1. There's so much densely packed in this ethnographic study of Hip Hop in Japan that I can't do it justice here. What I most appreciate about Condry's work here is how he bends over backwards - should I bring in a b-boy-ism to avoide the cliche, like 'he windmills around'? - to avoid dichotomies and binaries. He shows how Hip Hop in Japan can be progressive in its addressing Japan's racism towards Koreans, Ainu, Burakamin, etc while still fueling homophobia. He shows how uses of English in the lyr [...]


    2. It has been a long time since I read this, but I still remember that the main appeal of this book was that it was one of the few books to tackle the topic of the Japanese hip hop scene in the English language. Out of that, the book falls short of being an innovative account of rap scene, focusing less on Japanese Rap, and more in Japanese Rap as a phenomena of 'cultural globalization' and its comparisons to the American scene. This would be an ok choice if it didn't result in many other problems [...]


    3. Firstly, I would like to state that prior to reading this book I had no idea that Japan even had a hip-hop culture. Coming into this book with no knowledge whatsoever, I found the topic very fascinating. The book at times was interesting enough to hold my attention continuously, while at other times the text got bogged down by deeply esoteric terms. While this is an ethnography, and in that an academic treatise, I do not feel that such language needs to alienate a casual reader. Condry did good [...]


    4. In this ethnography of Japanese hip hop, the author Condry focuses one of the four elements which constitute hip hop culture: rap. It is because rap has much more to do with language than deejaying, breaking or graffiti, and it, therefore, reflects the characteristics of Japanese hip hop most eloquently.Condry consciously avoids using easy dichotomies and binaries; globalization or localization, party rap or underground hip hop, market success or hard core fandom, and the likes. Instead, he uses [...]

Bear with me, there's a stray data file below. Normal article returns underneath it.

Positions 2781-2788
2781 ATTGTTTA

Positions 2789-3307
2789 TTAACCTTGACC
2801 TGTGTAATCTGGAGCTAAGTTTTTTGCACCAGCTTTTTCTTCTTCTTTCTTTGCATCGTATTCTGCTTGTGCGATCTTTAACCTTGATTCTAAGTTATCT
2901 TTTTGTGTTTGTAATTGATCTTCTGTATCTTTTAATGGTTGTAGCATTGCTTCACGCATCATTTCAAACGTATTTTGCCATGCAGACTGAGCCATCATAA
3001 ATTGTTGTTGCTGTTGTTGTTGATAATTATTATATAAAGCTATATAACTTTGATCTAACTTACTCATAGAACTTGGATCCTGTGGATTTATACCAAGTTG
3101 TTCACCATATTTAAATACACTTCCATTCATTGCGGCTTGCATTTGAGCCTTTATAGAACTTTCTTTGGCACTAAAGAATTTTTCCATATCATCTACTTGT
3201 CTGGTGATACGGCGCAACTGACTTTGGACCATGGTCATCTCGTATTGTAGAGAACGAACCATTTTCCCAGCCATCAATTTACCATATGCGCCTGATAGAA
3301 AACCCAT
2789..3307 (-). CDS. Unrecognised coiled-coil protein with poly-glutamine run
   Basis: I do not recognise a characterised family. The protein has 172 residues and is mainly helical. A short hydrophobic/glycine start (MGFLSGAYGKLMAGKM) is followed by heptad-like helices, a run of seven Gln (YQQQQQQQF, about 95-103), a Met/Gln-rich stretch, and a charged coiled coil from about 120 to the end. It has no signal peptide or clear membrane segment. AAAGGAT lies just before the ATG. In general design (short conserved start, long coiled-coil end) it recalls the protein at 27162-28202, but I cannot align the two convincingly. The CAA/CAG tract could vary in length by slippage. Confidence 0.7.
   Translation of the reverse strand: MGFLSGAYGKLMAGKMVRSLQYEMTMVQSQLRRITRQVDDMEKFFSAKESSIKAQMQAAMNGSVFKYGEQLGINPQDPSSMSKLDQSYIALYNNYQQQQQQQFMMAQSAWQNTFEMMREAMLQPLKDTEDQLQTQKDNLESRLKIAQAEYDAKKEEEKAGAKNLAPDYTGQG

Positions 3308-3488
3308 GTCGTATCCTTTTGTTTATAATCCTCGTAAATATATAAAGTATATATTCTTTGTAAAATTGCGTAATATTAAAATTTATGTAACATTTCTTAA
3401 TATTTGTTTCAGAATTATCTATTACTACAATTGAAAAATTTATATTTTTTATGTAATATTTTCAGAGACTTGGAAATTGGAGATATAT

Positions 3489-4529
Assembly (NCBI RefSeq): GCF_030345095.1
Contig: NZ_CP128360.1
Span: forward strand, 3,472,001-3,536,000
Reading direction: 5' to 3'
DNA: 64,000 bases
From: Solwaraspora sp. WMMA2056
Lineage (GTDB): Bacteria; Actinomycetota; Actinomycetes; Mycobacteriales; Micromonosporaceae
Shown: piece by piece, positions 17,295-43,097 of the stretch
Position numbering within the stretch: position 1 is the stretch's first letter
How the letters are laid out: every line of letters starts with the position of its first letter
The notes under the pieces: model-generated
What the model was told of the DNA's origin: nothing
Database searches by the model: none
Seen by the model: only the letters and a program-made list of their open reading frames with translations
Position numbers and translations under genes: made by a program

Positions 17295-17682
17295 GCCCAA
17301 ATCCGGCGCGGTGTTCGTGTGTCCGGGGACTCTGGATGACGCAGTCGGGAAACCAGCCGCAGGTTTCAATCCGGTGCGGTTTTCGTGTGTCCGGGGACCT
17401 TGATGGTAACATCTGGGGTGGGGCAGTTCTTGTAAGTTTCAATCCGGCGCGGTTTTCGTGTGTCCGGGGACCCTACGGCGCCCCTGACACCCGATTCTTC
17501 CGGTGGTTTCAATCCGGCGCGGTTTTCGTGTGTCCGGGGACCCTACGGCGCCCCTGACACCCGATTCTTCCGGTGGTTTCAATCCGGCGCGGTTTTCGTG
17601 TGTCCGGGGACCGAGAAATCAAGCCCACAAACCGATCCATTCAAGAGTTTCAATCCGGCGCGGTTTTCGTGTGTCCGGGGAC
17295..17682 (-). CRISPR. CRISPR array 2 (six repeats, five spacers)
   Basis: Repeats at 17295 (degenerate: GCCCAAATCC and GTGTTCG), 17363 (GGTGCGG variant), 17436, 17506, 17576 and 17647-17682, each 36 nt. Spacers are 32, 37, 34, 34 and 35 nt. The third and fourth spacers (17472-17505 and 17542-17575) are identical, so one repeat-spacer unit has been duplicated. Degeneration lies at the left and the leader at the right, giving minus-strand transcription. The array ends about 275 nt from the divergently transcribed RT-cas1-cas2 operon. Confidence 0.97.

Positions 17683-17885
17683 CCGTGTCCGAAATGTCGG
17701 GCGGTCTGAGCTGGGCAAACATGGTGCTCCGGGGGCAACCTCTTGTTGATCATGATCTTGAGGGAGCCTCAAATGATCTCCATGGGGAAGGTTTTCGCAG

5. Well written, academic investigation of the current (2006) state of hip hop in Japan.I really liked the book in part because it did dispel some misconceptions I think I harbored as a longtime fan of hip hop domestically. Namely, that there was something imitative and lacking in authenticity in adapting the form to less racially charged, less heterogeneous demographic. Clearly, from Condry's research I was not seeing the ways in which: a) Japan is also a heterogeneous culture (Korean Japanese and [...]


    6. This is definitely a scholarly approach to the subject, so if you're looking for something very personable and entertaining, you might be a bit disappointed. But if you're like me and interested in the global spread of hip-hop, you'll probably enjoy it more. I highly recommend reading this in a place internet is accessible so you can key up songs quoted or mentioned by the author and listen to them while you go (I was lucky enough to already have the majority of the mentioned songs on my mp3 pla [...]


    7. Twas sort of like being back at university, since it's an ethnographyPretty self-indulgent one at that, since the guy basically goes clubbing, hangs out with his mates and writes about it. Not a bad life.


    8. Good look at how hip hop culture has taken root in Japan. Nice discussion of performance space, the music industry, linguistics, and gender.